In 1758, Benjamin Franklin and John Hadley, a chemistry professor at Cambridge University, conducted an experiment to explore the principle of evaporation as a means to rapidly cool an object. Franklin and Hadley confirmed that evaporation of highly volatile liquids (such as alcohol and ether) could be used to drive down the temperature of an object past the freezing point of water. They conducted their experiment with the bulb of a mercury thermometer as their object and with a bellows used to speed up the evaporation. They lowered the temperature of the thermometer bulb down to −14 °C (7 °F) while the ambient temperature was 18 °C (64 °F). Franklin noted that, soon after they passed the freezing point of water 0 °C (32 °F), a thin film of ice formed on the surface of the thermometer's bulb and that the ice mass was about 6 mm (1⁄4 in) thick when they stopped the experiment upon reaching −14 °C (7 °F). Franklin concluded: "From this experiment one may see the possibility of freezing a man to death on a warm summer's day."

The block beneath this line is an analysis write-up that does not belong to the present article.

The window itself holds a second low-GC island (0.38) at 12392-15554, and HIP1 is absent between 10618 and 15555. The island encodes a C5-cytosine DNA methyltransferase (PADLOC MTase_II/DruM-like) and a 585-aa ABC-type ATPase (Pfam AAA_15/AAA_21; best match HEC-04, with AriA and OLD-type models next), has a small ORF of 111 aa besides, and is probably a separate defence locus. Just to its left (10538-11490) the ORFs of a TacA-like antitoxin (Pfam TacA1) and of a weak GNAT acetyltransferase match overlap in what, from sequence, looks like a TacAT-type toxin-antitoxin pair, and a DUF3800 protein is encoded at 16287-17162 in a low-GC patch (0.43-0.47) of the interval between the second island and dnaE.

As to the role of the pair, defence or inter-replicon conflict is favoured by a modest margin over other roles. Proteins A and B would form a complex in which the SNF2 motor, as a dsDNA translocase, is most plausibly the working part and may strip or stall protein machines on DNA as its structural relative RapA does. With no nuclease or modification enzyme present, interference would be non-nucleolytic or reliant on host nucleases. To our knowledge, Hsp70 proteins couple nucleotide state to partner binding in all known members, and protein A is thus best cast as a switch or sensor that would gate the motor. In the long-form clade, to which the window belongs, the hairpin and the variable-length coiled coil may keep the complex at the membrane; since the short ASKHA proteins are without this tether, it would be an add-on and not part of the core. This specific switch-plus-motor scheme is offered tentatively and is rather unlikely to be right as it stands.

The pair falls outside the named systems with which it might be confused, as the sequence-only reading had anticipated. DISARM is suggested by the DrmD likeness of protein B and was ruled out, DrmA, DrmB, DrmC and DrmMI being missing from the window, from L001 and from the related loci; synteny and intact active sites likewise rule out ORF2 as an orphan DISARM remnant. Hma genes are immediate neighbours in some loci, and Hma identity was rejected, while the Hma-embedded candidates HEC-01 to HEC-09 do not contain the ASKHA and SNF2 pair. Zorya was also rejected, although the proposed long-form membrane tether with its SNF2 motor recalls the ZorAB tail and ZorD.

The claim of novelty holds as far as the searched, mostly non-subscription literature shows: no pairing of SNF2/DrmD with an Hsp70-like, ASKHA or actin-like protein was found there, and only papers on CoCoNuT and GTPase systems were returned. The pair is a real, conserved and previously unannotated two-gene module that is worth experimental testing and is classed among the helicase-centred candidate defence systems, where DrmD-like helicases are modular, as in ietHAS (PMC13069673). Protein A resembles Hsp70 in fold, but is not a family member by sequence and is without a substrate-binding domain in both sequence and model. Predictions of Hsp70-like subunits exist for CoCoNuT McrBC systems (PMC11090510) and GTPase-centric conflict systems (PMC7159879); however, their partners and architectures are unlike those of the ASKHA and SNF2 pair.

In hot weather, air conditioning can prevent heat stroke, dehydration from excessive sweating and other problems related to hyperthermia. Heat waves are the most lethal type of weather phenomenon in developed countries. Air conditioning (including filtration, humidification, cooling and disinfection) can be used to provide a clean, safe, hypoallergenic atmosphere in hospital operating rooms and other environments where proper atmosphere is critical to patient safety and well-being. It is sometimes recommended for home use by people with allergies.